Our Rich Liturgical
Our Rich Liturgical Heritage: Easter
The Rt Revd Dr Peter Brain
Tucked away in our Prayer Books are three short passages, carefully selected and arranged to remind us of the great Easter events and their challenge to our consecrated discipleship.
Found in the BCP with the Collect, Epistle and Gospel for Easter Day, the AAPB (page 88) and the AAPB (page 32) as the Hymn of the Risen Christ, they bring together three great New Testament themes and texts. They are an example of how texts of the Bible give us a concise summary and explanation of our Lord’s crucifixion and resurrection. That they were real time events, not the wistful thinking of disciples hoping for a resurrection, is clear from the gospels and the consistent apostolic testimony of the epistles.
The hymn, following the APBA runs:
Christ our Passover has been sacrificed for us: so let us celebrate the feast, Not with the old leaven of corruption and wickedness: but with the unleavened bread of sincerity and truth (1 Corinthians 5:7b-8).
Christ once raised from the dead dies no more: Death has no more dominion over him. In dying he died to sin once and for all: in living he lives to God. See yourselves therefore as dead to sin: and alive to God in Jesus Christ our Lord (Romans 6:9-11).
Christ has been raised from the dead; the firstfruits of those who sleep. For as by one man came death: by another has come also the resurrection of the dead; For as in Adam all die; even so in Christ shall all be made alive (1 Corinthians 15:20-22).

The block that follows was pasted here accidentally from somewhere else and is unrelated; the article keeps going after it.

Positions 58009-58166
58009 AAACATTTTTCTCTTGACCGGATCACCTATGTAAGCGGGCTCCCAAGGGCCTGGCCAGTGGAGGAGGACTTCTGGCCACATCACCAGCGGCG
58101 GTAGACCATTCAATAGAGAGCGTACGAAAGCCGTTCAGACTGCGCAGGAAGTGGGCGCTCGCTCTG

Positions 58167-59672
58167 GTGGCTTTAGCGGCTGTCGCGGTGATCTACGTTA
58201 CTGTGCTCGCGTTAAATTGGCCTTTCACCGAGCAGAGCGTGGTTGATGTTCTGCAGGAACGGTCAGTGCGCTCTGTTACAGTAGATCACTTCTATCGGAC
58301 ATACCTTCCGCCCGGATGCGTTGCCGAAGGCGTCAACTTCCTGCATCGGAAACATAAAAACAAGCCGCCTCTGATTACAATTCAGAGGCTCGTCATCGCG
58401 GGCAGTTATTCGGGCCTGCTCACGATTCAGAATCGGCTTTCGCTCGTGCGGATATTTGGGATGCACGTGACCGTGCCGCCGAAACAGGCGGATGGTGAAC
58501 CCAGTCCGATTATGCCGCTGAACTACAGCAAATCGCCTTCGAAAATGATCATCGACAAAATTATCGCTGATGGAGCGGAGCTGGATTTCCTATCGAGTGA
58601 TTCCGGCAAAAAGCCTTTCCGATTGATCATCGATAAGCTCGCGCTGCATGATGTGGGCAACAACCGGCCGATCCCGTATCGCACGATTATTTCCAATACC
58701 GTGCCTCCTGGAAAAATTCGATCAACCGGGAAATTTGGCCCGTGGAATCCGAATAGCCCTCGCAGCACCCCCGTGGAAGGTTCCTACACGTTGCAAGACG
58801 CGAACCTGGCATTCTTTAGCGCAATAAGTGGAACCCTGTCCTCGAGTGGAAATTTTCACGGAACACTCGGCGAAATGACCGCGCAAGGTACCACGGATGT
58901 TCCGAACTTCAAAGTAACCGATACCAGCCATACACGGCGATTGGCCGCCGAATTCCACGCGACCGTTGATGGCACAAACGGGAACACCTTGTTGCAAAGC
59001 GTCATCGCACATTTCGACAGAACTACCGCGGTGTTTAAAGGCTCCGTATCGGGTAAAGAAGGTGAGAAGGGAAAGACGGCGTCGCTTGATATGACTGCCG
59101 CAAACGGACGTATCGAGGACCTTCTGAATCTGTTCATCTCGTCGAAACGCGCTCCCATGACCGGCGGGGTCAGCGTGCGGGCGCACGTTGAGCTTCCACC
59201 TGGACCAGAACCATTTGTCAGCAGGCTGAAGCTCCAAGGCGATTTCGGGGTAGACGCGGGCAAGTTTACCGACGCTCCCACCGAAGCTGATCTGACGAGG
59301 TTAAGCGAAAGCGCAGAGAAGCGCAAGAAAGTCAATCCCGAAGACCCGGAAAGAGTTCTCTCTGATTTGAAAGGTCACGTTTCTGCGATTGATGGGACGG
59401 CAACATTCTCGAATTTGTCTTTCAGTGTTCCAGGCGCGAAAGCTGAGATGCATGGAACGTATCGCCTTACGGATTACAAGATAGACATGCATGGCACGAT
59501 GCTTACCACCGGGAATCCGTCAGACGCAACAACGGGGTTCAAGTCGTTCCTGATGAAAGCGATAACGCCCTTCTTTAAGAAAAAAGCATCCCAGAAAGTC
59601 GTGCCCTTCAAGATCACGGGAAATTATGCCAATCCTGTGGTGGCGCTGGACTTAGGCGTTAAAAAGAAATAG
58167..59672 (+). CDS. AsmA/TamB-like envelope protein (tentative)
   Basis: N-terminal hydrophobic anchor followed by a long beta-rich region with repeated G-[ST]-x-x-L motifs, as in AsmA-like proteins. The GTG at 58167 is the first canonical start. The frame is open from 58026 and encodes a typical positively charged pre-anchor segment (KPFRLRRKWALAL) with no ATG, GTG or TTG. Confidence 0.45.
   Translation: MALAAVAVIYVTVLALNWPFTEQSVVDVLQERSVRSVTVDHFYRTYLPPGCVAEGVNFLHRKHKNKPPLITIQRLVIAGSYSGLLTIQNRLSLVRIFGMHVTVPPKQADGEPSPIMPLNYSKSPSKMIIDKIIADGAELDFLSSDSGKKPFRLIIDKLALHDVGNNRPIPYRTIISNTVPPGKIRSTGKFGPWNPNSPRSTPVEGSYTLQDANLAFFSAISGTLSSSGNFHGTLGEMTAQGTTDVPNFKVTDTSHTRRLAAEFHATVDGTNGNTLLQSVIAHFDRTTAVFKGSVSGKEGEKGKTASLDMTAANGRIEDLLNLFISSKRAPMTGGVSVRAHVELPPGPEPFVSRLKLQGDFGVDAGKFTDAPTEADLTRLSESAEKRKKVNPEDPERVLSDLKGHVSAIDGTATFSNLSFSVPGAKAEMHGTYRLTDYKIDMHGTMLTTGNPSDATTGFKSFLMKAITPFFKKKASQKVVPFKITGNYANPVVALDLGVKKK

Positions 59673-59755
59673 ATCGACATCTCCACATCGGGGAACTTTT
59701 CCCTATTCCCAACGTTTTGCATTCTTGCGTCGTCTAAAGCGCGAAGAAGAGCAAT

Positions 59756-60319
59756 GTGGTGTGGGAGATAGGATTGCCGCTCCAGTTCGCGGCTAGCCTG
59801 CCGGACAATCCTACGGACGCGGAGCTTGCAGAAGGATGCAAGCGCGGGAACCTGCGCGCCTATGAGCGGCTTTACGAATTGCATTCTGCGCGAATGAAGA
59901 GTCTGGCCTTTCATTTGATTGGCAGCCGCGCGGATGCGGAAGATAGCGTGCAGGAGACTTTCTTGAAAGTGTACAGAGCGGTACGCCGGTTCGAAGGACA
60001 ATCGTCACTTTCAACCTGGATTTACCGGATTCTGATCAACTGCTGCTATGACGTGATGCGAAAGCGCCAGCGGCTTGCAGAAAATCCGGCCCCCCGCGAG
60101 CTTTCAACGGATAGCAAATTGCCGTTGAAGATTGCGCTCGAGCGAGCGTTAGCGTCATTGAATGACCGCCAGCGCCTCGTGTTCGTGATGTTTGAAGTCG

Easter fulfilled the Old Testament Passover in a way that takes us straight to the gracious heart of our Holy God. The sacrificial system of priests, animal sacrifices, altars and temple were all fulfilled, once and for all in Christ. The Passover feast, inaugurated to remind the people of Israel of God’s grace in delivering them from Egypt’s bondage by shielding them from the judgement he brought upon Pharaoh, gives way to the greater deliverance from a greater judgement, through Jesus’s death upon the Cross.
For us who live, looking back to, and relying upon Jesus, there are many blessings and resultant responsibilities. The blessings include:
- There is nothing for us to do since Christ has been sacrificed for us. So we celebrate God’s kindness in providing the perfect, once and for all, sacrifice for our sins.
- Jesus has been raised: death has no more dominion over him or over those who are in Christ, since they too shall be made alive.
- Death holds no more fear for believers than for those who sleep each night. This does not mean soul sleep since the believer goes to be with their Lord the moment they die, as Jesus assured the penitent thief.
Our wholehearted response to God’s grace to us in Christ must include:
- Sincerity and truth. So gripped will we be by our Lord’s sacrificial love for us, we will, with all our heart, do all we can to rid ourselves of malice (BCP) and wickedness. God’s grace, whilst excluding any sense of earning, calls for our sincere effort to grow in Christlikeness.
- We see ourselves as dead to sin: and alive to God. This takes us to the meaning of repentance and the heart of baptism. Death to sin is essential for us all, otherwise baptism becomes a meaningless ritual. Dying to sin is the daily means of life for believers. It has been said, ‘the Christian is one who is dying to live!’ Jesus makes this plain in John 12:23-26.
- Our Lord’s death and resurrection demand a response. Though we need do nothing to be in Adam except be born, we must be in Christ to be made alive. This new birth brings us, in Billy Graham’s words, ‘life before death as well as life after death’.
The Easter events stand before us as the assurance that God wants us to know him as fully pardoned rebels, renewed disciples, living sacrifices and his joyful adopted children.
Nothing can keep us giving into fear in our uncertain times or conforming to the false hopes and comforts of smug materialism and mindless hedonism, as our once crucified and living Lord and Saviour.